Buyer's Guides

Best MIDI Pad Controllers in 2024 for any budget

Unless you’re an absolute analogue hardware-head who loves nothing more than buying dozens of wires to organise all of your outboard gear, for the increasing majority of people MIDI pad controllers are fast becoming one of the most essential music purchases one can make. This applies to both production and live performance, as loops, MIDI and DAWs are now so established as being vital in both the studio and on stage.

But don’t just think of them as plugging into and controlling your DAW; some of these nifty little devices will also happily control a Eurorack set and other hardware instruments, not just software. The way many musicians now bring a new physicality to their electronic music and perform on them at live performances, means they are now seen as a musical instrument in their own right.

So if you are after a MIDI pad controller to get to tapping out your beats, triggering notes and loops and the like, and don’t need a controller that is also a keyboard, then you are in the right place. Let’s jump headlong into this Headliner guide to the best MIDI pad controllers for a range of budgets. They are listed from lowest to highest price.

Novation Launchpad Mini Mk3

  • A fantastic and affordable option

  • Compact and transportable

We begin this journey into the world’s best MIDI pad controllers with an excellent affordable option from Novation — their Launchpad Mini Mk3. It’s also not some big hefty piece of gear, it’s compact and you can chuck it (gently) into your bag! You can use it to manage Ableton Live's clip launcher and basic mixer functions without the additional features of the X or Pro models.

The Mini Mk3 introduces a custom-mapped User mode, which lets musicians/producers create their own personalised setups for quick access to favourite plugins or DAW features. If you are keen on that lovely combination of affordability and portability rather than endless features and functions, the Mini Mk3 could be the MIDI pad controller you’ve been looking out for.

Price: $109/£89/€110


IK Multimedia iRig Pads

  • One of the best MIDI pads for iOS

  • Very easy to use

While fully compatible with Mac and PC, the iRig Pads from IK Multimedia is probably the best MIDI pad controller if you’re specifically looking to plug into an iPad or iPhone, for which it is mostly aimed at. There are 16 two-colour backlit pads, a fader, two knobs and two buttons.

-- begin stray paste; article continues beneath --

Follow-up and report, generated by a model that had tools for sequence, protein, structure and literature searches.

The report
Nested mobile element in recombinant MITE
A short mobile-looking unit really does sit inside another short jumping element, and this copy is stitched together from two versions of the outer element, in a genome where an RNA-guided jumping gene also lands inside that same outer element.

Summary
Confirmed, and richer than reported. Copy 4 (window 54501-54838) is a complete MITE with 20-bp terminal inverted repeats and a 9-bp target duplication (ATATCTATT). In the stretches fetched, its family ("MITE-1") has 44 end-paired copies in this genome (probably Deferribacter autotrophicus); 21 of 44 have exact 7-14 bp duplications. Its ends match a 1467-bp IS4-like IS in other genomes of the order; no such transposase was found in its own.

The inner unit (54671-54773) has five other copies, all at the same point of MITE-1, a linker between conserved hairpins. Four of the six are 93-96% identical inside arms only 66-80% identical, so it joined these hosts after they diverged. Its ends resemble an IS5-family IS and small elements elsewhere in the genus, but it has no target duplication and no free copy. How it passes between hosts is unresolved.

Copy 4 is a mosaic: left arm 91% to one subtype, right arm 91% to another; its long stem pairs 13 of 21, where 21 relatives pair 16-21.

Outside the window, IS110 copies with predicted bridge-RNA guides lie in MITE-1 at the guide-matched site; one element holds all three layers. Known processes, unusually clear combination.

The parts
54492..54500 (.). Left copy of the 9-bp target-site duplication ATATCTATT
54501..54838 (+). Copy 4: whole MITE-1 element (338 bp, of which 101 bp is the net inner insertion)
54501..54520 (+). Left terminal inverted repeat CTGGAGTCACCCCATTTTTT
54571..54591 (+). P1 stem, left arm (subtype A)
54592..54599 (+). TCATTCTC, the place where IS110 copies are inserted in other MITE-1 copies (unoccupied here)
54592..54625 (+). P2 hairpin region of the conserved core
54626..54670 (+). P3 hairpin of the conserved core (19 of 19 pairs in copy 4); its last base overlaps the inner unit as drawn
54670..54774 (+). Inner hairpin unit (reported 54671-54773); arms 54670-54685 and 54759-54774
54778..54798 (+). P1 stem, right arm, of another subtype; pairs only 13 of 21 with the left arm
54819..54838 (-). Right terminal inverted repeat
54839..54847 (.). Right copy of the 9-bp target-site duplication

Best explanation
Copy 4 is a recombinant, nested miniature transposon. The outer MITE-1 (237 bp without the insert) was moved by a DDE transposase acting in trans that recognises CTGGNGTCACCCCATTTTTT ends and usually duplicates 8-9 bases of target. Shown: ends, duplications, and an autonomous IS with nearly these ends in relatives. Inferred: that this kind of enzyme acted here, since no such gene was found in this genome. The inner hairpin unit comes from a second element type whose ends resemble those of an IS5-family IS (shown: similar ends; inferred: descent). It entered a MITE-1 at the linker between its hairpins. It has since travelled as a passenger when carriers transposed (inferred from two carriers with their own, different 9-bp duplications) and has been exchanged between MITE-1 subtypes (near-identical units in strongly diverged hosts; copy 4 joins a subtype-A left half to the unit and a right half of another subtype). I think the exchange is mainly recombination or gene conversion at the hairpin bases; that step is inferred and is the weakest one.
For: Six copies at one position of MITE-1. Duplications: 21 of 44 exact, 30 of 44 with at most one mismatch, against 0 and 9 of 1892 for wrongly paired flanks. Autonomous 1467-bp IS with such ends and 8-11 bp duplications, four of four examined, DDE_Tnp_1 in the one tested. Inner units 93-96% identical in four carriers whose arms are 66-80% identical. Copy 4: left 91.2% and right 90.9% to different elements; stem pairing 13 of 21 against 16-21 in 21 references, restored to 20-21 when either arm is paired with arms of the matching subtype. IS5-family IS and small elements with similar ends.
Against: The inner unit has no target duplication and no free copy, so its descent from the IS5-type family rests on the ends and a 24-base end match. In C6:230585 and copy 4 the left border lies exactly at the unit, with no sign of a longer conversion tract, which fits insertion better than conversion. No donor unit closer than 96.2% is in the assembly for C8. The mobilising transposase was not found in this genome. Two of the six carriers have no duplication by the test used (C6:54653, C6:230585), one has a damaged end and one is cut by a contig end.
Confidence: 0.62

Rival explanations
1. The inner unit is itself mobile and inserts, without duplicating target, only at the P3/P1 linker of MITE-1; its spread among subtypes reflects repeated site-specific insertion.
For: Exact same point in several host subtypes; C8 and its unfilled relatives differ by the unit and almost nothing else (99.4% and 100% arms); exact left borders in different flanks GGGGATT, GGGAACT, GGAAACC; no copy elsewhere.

It’s very easy to get set up and go with, it’s highly playable, and you’ll find its programming a breeze also. So if you are much more of the iOS persuasion in your music-making, be sure to give this one a proper look.

Price: $149/£130/€150


Novation Launchpad X

  • MIDI Pads are velocity-sensitive

  • Looks great without being heavy to carry

Ah, fancy seeing you again, Novation! Their Launchpad X sees a fair jump in price from their previous entry, but there are several reasons this item comfortably lands in the best MIDI pad controller conversation. It’s based on their original and highly influential pad controller from ten years ago, and seen innumerable times in electronic live performances since.

How does it differ from the OG, you ask? It boasts larger pads while being an overall smaller and lighter package, and said pads are now velocity-sensitive. Prior to this new-gen version, you had to buy the Launchpad Pro for the latter feature. This adds a huge extra level of expressiveness to this beat pad/controller, and the virtual faders are a lovely bonus also. Still at an affordable price point, could this be the controller that turns your head?

Price: $159/£149/€199


ROLI Lightpad Block M

  • Looks fantastic

  • Allows for lots of expressive gestures

After catching plenty of attention with its keyboard-style Seaboard controllers, ROLI expanded into more affordable products with its Blocks range, designed specifically for iOS devices. Among these, the Lightpad Block M takes centre stage as a rectangular control surface with a rubber top, equipped with MPE (Multidimensional Polyphonic Expression) technology. This very interesting feature enables users to play the Lightpad Block M using a diverse range of physical gestures.

While it certainly has a distinct character compared to the other controllers in this list, the Lightpad Block M has now become compatible with a broader selection of software, making it a noteworthy option for users seeking a unique and versatile control experience.

Price: $199/£190/€199


Akai MPD 232

  • MPC-style MIDI pads are great

  • Very sturdy piece of kit

Akai are no novices when it comes to MIDI keyboards and pad controllers, so no surprise they get a very solid mention here as being amongst the best beat pads with the MPD 232. It’s a big upgrade in the looks department from its previous iteration (MPD32), with lovely black and red tones and shiny black perspex surrounding the screen.